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Mediterranean Quarterly 12.1 (2001) 57-80
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America's Recent Encounters with Nation Building
Gary T. Dempsey
After the North Atlantic Treaty Organization's seventy-eight-day bombing campaign against Yugoslavia came to a close in June 1999, U.S. Secretary of State Madeleine K. Albright toured the Stenkovic refugee camp in northern Macedonia, where twenty-five-thousand ethnic Albanians from Kosovo lived in temporary shelters. To great cheers, Albright announced to the refugees, "All the world knows about your suffering" and now "the Serbs have lost control over Kosovo." 1 Albright then paid a visit to thousands of U.S. troops preparing to move into Kosovo as peacekeepers. "The country you will be freeing has gone through some dreadful times," she declared. "I know this is not easy on you. We are deeply honored to have you do this." 2 "Your job," she added, is appropriate: "I believe this is what America is good at[:] . . . helping people." 3
Several days later, President Bill Clinton toured the same refugee camp that Albright had. He was greeted by ethnic Albanians chanting "USA, USA" and "Clinton, Clinton." 4 With his wife and daughter at his side, the [End Page 57] president walked through the muddy camp making family-to-family visits. Stopping to chat with one family, the president placed its two-year-old boy on his lap and said, "We hope with each passing day you will become less afraid. You have a beautiful boy."
"He is still very much afraid," the boy's mother answered. "He has suffered very much. He has seen people killed and wounded."
Surrounded by reporters, Clinton replied, "There are some things children should never see." Meeting with other refugees later that day, the president declared, "You have suffered enough. . . . I don't want any child hurt. I don't want anyone else to lose a leg or an arm or a child." Before leaving the camp, the president thanked the refugees for "sharing their lives" with him and his family. He then delivered a short speech in which he echoed Albright's belief that "helping people" is a U.S. foreign policy priority that America is "good" at doing: "We are proud of what we did. We think it's what America stands for. . . . We are committed not only to making Kosovo safe but to helping people rebuild their lives, rebuild their communities." 5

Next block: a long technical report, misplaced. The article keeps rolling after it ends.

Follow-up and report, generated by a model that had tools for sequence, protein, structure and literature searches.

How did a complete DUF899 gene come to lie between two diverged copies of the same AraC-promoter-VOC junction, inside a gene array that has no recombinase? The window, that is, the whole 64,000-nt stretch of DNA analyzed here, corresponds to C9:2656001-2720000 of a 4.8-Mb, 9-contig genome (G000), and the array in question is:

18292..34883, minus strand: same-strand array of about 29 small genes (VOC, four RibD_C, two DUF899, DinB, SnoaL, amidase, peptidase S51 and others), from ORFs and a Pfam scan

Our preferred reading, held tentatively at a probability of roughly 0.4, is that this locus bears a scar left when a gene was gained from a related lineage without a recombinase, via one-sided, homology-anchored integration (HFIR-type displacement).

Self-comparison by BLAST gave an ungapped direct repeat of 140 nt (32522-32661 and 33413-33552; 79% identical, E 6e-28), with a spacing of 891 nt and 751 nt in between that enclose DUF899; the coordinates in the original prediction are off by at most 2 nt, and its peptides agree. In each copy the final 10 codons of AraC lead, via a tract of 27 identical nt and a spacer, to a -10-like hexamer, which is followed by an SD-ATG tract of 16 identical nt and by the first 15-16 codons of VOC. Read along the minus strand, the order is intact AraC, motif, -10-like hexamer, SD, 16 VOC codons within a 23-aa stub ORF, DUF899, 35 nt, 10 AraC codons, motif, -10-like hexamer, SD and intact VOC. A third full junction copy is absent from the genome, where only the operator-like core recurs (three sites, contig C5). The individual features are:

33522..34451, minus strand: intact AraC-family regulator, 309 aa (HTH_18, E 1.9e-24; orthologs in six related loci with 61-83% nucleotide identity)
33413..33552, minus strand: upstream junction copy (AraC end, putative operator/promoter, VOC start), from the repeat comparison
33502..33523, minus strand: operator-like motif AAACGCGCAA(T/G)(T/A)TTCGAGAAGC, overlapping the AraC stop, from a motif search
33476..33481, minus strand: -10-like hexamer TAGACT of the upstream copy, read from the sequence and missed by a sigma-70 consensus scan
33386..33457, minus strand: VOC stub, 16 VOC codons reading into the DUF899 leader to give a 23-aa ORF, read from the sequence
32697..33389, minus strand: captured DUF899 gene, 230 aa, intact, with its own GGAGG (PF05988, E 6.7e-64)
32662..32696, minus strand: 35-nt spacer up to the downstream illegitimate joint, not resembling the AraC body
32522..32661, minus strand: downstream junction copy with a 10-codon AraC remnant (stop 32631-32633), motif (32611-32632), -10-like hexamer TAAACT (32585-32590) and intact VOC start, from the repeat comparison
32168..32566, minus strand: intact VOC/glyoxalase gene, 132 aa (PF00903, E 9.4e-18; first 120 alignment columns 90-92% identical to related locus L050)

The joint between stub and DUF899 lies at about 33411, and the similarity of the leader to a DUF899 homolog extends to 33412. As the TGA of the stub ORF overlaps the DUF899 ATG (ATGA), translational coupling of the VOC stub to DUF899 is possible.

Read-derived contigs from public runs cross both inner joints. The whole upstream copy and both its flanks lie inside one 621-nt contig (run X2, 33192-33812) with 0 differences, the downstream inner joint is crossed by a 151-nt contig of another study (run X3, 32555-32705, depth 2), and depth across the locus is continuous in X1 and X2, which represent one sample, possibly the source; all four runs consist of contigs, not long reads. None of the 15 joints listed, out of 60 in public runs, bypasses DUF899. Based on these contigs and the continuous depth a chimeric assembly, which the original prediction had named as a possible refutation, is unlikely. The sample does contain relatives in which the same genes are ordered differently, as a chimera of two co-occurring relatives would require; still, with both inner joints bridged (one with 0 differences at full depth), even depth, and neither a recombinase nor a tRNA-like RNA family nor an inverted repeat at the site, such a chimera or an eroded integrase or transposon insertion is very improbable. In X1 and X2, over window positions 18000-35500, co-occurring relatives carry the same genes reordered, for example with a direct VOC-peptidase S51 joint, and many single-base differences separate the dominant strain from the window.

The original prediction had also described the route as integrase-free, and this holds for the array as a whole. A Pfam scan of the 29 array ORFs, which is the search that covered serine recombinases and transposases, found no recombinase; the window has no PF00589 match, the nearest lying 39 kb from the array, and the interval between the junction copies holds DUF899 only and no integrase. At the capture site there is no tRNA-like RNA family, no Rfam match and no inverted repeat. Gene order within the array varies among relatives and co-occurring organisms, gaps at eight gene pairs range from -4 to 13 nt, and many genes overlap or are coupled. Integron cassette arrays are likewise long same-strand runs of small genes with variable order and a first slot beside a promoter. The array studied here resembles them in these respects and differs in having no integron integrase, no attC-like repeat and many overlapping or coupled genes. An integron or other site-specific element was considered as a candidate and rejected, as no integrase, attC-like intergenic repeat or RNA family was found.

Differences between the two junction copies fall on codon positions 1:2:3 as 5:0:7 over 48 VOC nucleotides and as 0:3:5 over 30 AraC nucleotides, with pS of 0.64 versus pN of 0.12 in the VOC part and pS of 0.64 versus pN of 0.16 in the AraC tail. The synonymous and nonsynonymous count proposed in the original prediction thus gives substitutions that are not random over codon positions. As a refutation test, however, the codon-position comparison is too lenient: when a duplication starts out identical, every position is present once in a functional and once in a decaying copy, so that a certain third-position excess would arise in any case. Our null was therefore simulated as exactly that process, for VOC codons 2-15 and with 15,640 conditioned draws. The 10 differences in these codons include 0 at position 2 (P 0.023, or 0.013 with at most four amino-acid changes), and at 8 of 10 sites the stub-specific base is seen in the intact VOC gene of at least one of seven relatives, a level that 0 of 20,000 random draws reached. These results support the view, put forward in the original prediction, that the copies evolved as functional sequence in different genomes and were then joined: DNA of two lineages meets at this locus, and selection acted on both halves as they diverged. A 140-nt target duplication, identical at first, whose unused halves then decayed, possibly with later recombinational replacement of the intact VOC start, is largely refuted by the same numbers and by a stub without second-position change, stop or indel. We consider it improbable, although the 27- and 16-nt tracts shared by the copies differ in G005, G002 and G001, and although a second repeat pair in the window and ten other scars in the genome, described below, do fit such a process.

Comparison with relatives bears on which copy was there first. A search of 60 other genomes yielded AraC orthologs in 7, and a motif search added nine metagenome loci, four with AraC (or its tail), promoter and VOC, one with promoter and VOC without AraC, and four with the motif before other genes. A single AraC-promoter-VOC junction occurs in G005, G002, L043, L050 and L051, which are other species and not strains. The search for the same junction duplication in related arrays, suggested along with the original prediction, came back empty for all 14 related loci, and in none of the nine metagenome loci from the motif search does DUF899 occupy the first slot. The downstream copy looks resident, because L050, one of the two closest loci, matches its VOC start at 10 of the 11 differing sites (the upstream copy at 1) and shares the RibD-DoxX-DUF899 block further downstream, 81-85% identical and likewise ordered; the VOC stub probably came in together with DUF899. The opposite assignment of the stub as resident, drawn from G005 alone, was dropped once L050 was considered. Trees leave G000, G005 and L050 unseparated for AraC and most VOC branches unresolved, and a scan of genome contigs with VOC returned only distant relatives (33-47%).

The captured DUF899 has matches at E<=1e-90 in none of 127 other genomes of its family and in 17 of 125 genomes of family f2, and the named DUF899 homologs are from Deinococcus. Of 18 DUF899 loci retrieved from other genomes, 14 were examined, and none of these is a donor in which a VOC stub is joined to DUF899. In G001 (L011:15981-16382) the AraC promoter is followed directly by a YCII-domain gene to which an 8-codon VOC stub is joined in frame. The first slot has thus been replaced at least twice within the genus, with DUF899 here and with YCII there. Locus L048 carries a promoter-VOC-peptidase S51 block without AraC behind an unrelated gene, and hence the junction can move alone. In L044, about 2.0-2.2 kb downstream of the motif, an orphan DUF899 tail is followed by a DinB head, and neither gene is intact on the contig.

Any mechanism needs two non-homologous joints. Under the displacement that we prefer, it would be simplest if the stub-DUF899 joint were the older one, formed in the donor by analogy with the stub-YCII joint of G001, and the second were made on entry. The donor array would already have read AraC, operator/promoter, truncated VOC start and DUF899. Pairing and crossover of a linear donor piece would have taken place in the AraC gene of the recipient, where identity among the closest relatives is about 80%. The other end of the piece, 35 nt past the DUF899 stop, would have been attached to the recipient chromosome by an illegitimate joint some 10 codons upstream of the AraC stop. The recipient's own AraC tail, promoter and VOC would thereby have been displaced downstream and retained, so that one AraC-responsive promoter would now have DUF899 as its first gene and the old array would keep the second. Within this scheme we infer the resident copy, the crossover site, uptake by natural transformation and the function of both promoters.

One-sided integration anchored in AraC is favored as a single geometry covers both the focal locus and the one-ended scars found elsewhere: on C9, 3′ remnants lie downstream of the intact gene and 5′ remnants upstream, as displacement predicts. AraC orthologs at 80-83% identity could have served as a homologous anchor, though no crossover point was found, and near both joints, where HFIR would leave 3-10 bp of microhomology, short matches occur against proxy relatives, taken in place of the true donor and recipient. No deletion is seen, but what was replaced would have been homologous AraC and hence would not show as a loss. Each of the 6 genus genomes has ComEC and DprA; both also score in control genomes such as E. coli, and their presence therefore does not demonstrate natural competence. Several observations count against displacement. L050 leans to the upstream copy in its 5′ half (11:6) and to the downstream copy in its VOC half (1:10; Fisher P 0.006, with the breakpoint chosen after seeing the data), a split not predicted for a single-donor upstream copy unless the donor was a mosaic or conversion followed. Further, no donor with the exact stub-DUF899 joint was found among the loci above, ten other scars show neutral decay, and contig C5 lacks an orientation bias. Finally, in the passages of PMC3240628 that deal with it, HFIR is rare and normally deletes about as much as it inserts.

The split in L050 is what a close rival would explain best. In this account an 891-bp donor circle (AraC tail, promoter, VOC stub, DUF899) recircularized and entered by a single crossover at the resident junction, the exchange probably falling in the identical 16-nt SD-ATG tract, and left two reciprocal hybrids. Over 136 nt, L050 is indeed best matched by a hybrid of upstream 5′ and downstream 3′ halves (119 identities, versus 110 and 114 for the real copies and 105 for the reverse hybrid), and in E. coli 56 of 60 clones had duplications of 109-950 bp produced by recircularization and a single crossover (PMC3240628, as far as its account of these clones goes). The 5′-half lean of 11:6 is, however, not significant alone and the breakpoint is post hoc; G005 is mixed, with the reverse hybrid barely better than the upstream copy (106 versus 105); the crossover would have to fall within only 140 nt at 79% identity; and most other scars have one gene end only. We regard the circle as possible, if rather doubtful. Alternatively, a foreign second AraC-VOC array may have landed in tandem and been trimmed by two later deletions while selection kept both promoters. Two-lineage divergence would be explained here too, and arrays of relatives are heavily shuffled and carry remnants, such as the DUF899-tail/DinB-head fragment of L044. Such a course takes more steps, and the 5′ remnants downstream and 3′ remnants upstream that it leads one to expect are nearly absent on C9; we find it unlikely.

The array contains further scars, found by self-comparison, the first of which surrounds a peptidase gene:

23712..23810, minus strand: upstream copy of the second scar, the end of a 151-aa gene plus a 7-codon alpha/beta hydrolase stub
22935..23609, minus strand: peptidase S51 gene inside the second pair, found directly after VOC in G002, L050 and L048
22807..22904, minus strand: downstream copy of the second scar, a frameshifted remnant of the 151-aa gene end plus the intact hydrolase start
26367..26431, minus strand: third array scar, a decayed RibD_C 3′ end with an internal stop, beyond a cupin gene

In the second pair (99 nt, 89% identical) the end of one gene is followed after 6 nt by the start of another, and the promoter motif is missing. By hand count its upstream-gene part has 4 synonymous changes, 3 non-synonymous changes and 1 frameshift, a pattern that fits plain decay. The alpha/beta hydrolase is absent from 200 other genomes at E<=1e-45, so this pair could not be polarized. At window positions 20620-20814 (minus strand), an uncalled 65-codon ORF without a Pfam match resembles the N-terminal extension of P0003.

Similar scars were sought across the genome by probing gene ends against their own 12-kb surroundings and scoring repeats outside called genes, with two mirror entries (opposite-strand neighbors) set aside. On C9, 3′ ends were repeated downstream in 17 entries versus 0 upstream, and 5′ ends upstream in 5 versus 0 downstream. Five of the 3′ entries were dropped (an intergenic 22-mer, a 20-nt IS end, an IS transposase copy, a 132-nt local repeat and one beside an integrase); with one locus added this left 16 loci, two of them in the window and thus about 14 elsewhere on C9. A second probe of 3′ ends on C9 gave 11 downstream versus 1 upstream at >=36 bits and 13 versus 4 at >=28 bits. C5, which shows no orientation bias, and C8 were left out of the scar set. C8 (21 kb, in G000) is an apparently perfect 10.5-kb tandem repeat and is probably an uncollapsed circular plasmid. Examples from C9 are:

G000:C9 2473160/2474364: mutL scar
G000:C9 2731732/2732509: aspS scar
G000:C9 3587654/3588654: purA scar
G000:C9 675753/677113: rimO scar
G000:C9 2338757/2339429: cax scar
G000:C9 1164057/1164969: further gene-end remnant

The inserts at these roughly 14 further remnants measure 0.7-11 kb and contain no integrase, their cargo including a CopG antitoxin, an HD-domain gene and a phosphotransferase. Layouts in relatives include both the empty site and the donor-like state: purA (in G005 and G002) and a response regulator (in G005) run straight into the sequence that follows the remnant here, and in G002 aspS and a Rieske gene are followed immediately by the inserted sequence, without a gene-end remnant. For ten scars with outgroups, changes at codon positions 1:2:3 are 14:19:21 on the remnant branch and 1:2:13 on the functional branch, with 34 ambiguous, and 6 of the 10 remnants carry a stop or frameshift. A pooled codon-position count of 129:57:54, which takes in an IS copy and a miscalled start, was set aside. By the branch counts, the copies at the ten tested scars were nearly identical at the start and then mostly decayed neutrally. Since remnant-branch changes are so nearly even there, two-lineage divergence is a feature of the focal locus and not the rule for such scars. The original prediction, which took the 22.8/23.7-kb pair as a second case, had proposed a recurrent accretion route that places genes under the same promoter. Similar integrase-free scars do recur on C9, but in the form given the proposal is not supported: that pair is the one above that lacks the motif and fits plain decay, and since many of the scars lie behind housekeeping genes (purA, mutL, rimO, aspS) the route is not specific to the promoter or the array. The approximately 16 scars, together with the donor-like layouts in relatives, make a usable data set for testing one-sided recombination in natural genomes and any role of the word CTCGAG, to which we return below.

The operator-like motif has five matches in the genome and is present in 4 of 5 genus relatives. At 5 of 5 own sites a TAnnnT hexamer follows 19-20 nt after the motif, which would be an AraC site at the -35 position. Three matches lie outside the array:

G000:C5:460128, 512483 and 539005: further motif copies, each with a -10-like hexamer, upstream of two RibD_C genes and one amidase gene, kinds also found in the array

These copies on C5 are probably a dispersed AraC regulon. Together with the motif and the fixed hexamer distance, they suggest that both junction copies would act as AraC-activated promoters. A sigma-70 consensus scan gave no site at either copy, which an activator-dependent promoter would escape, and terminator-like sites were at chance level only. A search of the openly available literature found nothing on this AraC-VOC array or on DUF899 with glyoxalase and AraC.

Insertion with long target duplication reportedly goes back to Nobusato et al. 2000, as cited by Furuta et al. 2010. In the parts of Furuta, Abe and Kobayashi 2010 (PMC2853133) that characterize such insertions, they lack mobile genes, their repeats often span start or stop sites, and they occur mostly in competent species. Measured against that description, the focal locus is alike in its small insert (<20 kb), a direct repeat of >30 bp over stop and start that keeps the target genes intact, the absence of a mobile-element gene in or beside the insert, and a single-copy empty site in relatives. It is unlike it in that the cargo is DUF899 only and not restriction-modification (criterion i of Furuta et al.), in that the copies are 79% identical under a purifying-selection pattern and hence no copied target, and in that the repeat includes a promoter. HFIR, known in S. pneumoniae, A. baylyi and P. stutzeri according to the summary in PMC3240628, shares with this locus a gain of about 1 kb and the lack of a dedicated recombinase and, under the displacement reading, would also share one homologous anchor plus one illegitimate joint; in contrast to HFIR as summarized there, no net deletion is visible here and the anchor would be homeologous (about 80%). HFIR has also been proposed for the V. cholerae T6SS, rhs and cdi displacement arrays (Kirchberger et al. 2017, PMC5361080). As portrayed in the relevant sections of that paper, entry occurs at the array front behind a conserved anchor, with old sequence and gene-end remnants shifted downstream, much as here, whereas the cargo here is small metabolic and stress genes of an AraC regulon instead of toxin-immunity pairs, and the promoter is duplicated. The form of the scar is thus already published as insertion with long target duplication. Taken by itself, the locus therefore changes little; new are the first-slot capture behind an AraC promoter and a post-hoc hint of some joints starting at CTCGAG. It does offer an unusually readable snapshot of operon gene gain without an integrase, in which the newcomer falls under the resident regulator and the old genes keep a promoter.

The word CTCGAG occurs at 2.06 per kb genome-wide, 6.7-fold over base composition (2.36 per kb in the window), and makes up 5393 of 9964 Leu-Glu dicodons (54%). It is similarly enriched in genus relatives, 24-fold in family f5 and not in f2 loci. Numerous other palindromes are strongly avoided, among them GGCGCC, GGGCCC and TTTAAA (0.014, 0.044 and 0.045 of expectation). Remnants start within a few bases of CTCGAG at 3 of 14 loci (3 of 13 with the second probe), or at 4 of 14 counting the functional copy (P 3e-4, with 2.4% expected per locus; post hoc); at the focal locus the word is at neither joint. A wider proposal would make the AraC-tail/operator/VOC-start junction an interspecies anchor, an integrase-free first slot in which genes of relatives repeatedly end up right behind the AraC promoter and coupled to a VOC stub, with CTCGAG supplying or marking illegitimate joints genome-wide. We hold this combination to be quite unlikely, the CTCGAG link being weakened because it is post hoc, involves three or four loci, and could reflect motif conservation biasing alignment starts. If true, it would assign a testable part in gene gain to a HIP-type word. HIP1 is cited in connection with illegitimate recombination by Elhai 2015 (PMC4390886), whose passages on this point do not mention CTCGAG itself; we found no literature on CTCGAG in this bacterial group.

But were Clinton and Albright right? Is the United States government really any good at "helping people" in troubled places? America's recent encounters with nation building suggest the contrary. Indeed, Washington said it would bring order to Somalia but left chaos; it went to Haiti to restore democracy but produced tyranny; it intervened in Bosnia to reverse the effects of a civil war but now oversees an unsustainable peace; and it occupied Kosovo to build a multiethnic democracy but has instead witnessed ethnic cleansing on a widespread scale. That all these recent attempts at nation building have not actually solved the problem they set out to address seems not to have phased policy makers. Yet before Washington's troubling pattern of failures can be accounted for in more detail, it is first necessary to define the term nation building and its place within America's post-Cold War foreign policy. [End Page 58]
Nation building is perhaps the most intrusive form of foreign intervention there is. It is the massive foreign regulation of the policy making of another country. The process usually entails the replacement or, in the case of a country in a state of anarchy, the creation of governmental institutions and a domestic political leadership that are more to the liking of the power or powers conducting the intervention. Since such profound interference tends to elicit resistance, the nation-building process typically requires a substantial military presence to impose the nation-building plan on the target country.
The U.S. government is not new to nation building. It concluded the nineteenth century with a war to "liberate" Cuba from Spanish "tyranny." For the...